Quotations on items currently in the news....
Wall Street Journal columnist Daniel Henninger, on WikiLeaks: "Sun Microsystems co-founder Scott McNealy famously said, 'You have zero privacy. Get over it.'...Two big things transformed the postwar world: nuclear fission and the Internet. Nuclear fission gave us clean energy and the atomic bomb. The Internet? With WikiLeaks, we arrive at the Internet version of putting the nuclear genie back in the bottle."
The New York Times Nov. 20, 2009, on its decision not to publish secret data: "The documents appear to have been acquired illegally and contain all manner of private information and statements that were never intended for the public eye, so they won't be posted here."
The Times a year later (Nov. 29, 2010) on its decision to publish illegally acquired WikiLeaks data: Despite their provenance, "The Times believes that the (WikiLeaks) documents serve an important public interest, illuminating the goals, successes, compromises, and frustrations of American diplomacy in a way that other accounts cannot match."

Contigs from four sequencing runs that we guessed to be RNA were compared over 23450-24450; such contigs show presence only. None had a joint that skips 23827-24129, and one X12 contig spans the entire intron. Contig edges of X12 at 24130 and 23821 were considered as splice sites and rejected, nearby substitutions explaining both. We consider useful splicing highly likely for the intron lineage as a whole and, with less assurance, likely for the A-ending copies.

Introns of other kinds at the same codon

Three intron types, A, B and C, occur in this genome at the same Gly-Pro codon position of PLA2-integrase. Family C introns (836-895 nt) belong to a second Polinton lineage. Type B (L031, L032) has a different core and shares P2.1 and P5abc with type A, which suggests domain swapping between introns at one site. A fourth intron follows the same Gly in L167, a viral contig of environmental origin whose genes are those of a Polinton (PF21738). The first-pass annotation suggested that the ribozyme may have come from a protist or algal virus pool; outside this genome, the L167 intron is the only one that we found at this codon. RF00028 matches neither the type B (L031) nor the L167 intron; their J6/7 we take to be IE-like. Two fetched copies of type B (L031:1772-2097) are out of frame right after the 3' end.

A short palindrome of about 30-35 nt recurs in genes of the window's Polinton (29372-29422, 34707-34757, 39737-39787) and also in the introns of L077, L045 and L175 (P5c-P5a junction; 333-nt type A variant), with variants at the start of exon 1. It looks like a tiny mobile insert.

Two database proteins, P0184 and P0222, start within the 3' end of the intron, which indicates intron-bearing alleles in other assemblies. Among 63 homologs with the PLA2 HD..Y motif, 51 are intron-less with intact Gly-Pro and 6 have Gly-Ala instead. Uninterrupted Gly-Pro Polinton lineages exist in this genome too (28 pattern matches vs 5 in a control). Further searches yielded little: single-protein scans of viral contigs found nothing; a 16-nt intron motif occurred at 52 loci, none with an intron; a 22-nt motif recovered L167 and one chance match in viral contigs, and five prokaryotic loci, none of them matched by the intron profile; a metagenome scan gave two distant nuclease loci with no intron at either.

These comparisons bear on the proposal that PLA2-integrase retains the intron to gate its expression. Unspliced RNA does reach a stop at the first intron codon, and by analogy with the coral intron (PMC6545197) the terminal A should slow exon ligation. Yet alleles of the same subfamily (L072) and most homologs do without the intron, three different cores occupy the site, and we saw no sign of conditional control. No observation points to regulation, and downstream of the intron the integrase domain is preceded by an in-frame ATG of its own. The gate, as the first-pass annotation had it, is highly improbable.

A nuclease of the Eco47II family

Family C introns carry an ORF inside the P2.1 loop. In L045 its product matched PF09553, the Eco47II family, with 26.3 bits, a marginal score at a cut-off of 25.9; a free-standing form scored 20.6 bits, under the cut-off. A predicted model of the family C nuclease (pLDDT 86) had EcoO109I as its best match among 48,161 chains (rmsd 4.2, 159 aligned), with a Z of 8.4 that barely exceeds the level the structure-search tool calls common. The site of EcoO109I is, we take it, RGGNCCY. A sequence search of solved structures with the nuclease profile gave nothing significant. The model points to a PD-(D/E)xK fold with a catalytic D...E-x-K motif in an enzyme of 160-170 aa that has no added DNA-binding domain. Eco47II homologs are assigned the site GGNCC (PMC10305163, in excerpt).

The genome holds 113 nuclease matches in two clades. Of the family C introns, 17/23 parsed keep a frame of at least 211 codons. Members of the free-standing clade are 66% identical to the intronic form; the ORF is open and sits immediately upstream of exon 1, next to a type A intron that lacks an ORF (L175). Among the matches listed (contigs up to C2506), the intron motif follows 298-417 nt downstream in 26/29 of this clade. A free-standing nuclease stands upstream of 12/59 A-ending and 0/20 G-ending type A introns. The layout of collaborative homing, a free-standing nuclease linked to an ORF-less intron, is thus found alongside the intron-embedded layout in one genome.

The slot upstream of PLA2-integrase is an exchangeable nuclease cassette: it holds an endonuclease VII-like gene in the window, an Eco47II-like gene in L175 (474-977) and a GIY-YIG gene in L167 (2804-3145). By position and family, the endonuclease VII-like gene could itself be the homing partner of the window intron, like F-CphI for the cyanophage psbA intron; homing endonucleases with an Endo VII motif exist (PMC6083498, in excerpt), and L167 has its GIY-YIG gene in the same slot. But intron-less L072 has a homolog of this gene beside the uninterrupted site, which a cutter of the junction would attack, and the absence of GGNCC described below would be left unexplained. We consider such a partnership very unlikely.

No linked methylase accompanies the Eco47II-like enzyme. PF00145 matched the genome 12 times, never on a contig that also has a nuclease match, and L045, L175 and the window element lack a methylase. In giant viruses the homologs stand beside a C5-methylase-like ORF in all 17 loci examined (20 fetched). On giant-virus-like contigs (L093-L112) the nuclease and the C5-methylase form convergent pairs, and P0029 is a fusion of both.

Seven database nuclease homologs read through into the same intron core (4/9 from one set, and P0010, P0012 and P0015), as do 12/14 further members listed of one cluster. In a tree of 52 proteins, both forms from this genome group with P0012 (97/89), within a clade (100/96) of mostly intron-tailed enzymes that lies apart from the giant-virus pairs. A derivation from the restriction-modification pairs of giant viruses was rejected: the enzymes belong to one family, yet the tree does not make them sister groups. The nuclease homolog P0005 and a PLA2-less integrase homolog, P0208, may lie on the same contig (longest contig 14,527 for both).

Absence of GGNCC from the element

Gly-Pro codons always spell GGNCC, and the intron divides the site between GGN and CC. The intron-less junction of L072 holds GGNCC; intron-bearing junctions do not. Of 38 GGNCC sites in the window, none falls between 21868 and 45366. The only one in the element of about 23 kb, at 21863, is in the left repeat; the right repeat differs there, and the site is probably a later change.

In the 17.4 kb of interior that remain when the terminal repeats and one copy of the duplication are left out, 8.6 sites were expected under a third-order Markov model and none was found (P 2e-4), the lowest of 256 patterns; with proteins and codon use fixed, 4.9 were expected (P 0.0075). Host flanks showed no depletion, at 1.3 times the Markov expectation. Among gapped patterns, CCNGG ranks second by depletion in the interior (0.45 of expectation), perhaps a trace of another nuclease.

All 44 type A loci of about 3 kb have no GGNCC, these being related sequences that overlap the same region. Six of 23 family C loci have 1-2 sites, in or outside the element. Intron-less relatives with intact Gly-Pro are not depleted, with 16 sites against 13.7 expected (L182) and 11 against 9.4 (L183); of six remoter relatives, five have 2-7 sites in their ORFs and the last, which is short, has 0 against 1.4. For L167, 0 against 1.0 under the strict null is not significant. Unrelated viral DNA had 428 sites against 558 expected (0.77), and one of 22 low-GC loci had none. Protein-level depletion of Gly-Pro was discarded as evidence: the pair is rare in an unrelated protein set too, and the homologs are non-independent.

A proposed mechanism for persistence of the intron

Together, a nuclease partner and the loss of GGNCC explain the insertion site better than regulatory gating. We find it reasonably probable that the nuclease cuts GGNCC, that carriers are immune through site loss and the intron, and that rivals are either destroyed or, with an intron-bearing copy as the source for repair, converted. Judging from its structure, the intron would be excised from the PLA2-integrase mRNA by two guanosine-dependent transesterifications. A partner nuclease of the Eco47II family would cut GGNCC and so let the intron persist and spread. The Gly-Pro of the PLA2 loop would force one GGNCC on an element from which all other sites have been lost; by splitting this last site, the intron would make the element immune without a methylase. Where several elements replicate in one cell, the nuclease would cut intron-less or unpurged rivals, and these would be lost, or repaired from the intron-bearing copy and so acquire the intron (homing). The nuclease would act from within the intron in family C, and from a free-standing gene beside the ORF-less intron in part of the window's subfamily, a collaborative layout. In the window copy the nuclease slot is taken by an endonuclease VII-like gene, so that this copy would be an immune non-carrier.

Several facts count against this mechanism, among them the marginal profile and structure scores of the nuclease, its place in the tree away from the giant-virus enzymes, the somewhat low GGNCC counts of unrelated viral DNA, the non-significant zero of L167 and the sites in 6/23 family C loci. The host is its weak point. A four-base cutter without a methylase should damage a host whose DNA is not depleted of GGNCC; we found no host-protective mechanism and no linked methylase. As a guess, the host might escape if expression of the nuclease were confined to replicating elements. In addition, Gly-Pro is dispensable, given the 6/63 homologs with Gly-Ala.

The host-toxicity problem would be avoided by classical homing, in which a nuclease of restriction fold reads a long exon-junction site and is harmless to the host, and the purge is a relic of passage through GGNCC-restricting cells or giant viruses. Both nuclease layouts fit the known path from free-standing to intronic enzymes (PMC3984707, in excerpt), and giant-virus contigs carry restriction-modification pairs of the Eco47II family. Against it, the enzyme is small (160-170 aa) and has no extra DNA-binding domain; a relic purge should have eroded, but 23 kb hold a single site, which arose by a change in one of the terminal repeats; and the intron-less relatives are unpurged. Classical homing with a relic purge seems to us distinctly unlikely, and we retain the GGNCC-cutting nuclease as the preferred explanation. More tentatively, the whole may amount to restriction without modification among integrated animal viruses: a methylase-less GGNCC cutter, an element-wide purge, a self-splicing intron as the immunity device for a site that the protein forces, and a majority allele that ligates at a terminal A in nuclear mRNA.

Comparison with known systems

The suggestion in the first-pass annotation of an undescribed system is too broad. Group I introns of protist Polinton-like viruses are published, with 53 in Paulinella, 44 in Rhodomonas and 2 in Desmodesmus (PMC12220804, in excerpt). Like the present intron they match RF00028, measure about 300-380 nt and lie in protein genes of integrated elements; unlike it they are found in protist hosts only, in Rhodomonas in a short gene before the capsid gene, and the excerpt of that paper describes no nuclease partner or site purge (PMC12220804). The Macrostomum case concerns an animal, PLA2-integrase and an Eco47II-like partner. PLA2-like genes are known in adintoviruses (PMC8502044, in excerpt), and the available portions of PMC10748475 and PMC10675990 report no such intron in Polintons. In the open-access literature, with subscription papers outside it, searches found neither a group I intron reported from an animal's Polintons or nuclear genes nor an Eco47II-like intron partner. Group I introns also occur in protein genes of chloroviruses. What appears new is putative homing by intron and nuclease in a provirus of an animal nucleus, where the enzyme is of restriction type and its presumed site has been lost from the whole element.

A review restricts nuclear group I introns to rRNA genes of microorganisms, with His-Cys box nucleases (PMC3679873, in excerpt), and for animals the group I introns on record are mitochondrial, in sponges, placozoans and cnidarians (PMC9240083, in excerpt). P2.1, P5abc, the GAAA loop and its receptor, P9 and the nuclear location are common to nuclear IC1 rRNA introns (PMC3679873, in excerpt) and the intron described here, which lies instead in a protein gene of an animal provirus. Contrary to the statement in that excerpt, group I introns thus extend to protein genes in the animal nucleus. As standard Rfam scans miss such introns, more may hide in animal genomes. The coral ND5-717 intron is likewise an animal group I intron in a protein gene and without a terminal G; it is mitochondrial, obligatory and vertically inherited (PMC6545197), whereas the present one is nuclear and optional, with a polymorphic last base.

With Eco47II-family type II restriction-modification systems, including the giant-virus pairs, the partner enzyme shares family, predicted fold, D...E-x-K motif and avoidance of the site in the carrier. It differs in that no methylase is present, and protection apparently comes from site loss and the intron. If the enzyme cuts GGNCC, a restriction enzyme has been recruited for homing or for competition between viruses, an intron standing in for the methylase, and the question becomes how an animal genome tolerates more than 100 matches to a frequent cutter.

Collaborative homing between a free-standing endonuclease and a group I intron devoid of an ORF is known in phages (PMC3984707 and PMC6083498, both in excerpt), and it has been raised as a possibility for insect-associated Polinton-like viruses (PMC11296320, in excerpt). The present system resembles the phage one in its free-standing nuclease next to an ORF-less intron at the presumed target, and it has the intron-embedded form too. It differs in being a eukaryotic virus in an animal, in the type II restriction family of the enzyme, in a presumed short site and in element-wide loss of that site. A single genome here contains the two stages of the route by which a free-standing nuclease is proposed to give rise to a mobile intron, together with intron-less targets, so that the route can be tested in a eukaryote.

The Media Research Center's L. Brent Bozell III: "Americans the world over could die because of these intelligence betrayals. But hip, hip, hooray for the freedom of speech that got them killed? Some might ask, on the people's behalf: In our democracy, whom do you trust to defend you from another terrorist attack? Time magazine? The New York Times? Who elected them to act as our guardians against terrorist violence and mayhem?
Tim Kaine, current Democratic National Committee chairman and former Virginia governor -- in August: "I want to be measured by results....After the election, folks will make up their mind about me."
Barack Obama in his "Audacity of Hope" (page 160): "I find comfort in the fact that the longer I'm in politics the less nourishing popularity becomes, that a striving for power and rank and fame seems to betray a poverty of ambition, and that I am answerable mainly to the steady gaze of my own conscience."
British historian Paul Johnson: "The U.S. has all kinds of problems. But its biggest over the course of the next two years is how to find a leader who will inspire through character and integrity, vision and resolution, courage and judgment, the belief, faith, and confidence that Americans have always warmly given to the right person -- someone they can trust."
Ross Mackenzie lives with his wife and Labrador retriever in the woods west of Richmond, Virginia. They have two grown sons, both Naval officers.
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